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Comment: Re:No, wrong (Score 1) 109

RN here. There was old lady in a nursing home who had no memory of her husband having passed away several years before. Numerous times every day, she would ask when her husband would be in to see her... One inexperienced nurse explained to her that her husband was dead; she cried hysterically. A few hours later, she asked again when her husband would be in to see her. The standard answer is, "He'll be here a little later, honey".

Comment: Re:Implement locally? (Score 1) 145

by s.t.a.l.k.e.r._loner (#48927713) Attached to: How One Small Company Blocked 15.1 Million Robocalls Last Year
My smartphone is configured to send all calls straight to voicemail if they come from restricted, unavailable, or unknown numbers. This wipes out the majority of them. I wouldn't necessarily be opposed to sending all numbers not in the contacts list straight to voicemail, but I haven't done so yet. In my experience, only people or companies who have a legitimate reason to speak with me will bother to leave a voicemail. Maybe a tiny minority of robocalls are configured to leave a recorded message, but all the rest automatically dump the call when they don't detect that a person has answered.

Comment: Re:Knowing could be Useful (Score 1) 86

See "Final Exit" method. As for knowing, though, you may be disappointed. Brain disorders are fascinating and terrifying. When reality doesn't make sense to your brain because of physical errors in processing, your brain simply confabulates whatever details it needs so that things do make sense internally. These confabulations are not amenable to outside reasoning or exposure to evidence that contradicts them. This is equally true with dementia disorders such as Alzheimers as it is with brain damage from trauma/stroke or psychotic disorders. What I'm getting at is that if you are afflicted, you may not retain the level of insight necessary to intervene on your own behalf: you might not be capable of understanding there's a problem.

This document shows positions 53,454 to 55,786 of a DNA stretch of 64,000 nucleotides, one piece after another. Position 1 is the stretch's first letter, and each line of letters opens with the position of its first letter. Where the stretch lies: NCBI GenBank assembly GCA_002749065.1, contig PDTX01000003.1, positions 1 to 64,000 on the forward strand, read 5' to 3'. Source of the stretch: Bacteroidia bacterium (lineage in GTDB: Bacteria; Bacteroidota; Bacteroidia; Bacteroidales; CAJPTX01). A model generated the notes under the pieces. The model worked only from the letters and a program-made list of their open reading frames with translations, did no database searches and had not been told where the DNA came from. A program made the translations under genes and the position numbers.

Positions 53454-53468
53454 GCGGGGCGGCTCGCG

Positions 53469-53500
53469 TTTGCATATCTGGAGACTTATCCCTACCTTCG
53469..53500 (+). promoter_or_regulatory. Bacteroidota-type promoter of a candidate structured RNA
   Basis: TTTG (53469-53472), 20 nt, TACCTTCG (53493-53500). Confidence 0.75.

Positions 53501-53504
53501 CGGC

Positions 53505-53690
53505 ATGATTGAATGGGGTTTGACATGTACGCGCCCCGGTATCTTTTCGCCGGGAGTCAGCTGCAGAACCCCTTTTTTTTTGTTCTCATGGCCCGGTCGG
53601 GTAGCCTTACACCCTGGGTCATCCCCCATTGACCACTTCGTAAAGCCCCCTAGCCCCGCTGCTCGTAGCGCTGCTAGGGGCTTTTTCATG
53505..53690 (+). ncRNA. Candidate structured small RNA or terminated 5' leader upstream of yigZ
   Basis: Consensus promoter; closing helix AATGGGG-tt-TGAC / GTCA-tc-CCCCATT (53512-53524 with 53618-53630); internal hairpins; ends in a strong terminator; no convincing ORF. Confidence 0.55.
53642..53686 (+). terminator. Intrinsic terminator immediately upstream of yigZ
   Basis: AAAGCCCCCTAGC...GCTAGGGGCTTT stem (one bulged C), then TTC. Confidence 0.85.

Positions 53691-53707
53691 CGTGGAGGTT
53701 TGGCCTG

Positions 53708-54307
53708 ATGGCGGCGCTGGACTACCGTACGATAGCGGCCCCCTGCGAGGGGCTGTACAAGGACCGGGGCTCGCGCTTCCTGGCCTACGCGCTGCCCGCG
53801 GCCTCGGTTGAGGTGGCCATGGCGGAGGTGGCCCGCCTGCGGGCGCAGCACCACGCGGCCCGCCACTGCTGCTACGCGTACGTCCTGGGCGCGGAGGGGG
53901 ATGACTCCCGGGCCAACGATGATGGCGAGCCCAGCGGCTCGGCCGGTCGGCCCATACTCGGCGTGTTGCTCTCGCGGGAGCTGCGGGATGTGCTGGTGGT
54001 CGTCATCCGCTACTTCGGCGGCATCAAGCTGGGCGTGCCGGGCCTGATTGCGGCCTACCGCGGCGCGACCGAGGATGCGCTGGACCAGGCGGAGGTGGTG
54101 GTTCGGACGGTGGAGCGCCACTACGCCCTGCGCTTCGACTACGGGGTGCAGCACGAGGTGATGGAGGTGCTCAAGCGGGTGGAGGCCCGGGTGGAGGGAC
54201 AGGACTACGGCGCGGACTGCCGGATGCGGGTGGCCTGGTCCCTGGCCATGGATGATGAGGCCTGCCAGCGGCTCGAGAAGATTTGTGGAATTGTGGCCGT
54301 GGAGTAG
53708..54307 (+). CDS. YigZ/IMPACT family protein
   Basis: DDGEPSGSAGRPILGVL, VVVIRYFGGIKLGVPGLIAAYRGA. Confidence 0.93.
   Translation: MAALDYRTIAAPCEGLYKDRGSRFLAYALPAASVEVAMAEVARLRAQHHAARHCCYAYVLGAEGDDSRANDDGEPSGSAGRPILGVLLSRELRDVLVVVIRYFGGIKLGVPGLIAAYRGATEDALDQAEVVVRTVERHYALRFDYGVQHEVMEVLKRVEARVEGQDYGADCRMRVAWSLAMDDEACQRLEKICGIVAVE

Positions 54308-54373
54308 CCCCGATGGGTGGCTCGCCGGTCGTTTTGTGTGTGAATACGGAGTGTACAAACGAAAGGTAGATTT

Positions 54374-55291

Comment: try this (Score 1) 418

by s.t.a.l.k.e.r._loner (#43088155) Attached to: Ask Slashdot: How Best To Set Up a Parent's PC?
A tried and true method for migrating parents from IE to a safer browser is to just install firefox or chrome, then change it's desktop icon and name to "Internet Explorer". They then go on to seemlessly use it, thinking it's just a slight interface change that happened in an upgrade... Too bad AOL's interface is probably a bit too different to pull that trick off. As for tying up permissions: unfortunately, WinXP guest account was never fully implemented. Last year, I tried setting up my parents to using the guest account for most activities and logging in as admin when they needed more permissions. They understood, but it caused a lot of problems with certain things not functioning between the accounts. The printer alone turned out to be an intractable pain in the ass. Win7 with "classic shell" is probably a better option.

Comment: First of all (Score 1) 173

Anyone who uses the term "the cloud" to promote anything is a moron and can be safely disregarded because they speak by spilling out buzzwords.

Secondly, even though technology is much more common (particularly with the younger generations), technological sophistication is still fairly rare. The vast majority of people use the technology of their jobs in the most narrow ways possible, and further they expect technology to "just work". When it doesn't, they call on the IT guys, or they call on their uncommon coworkers like me who aren't in IT but are still the unofficial IT guys by virtue of having more than modest computer knowledge.

One can't proceed from the informal to the formal by formal means.

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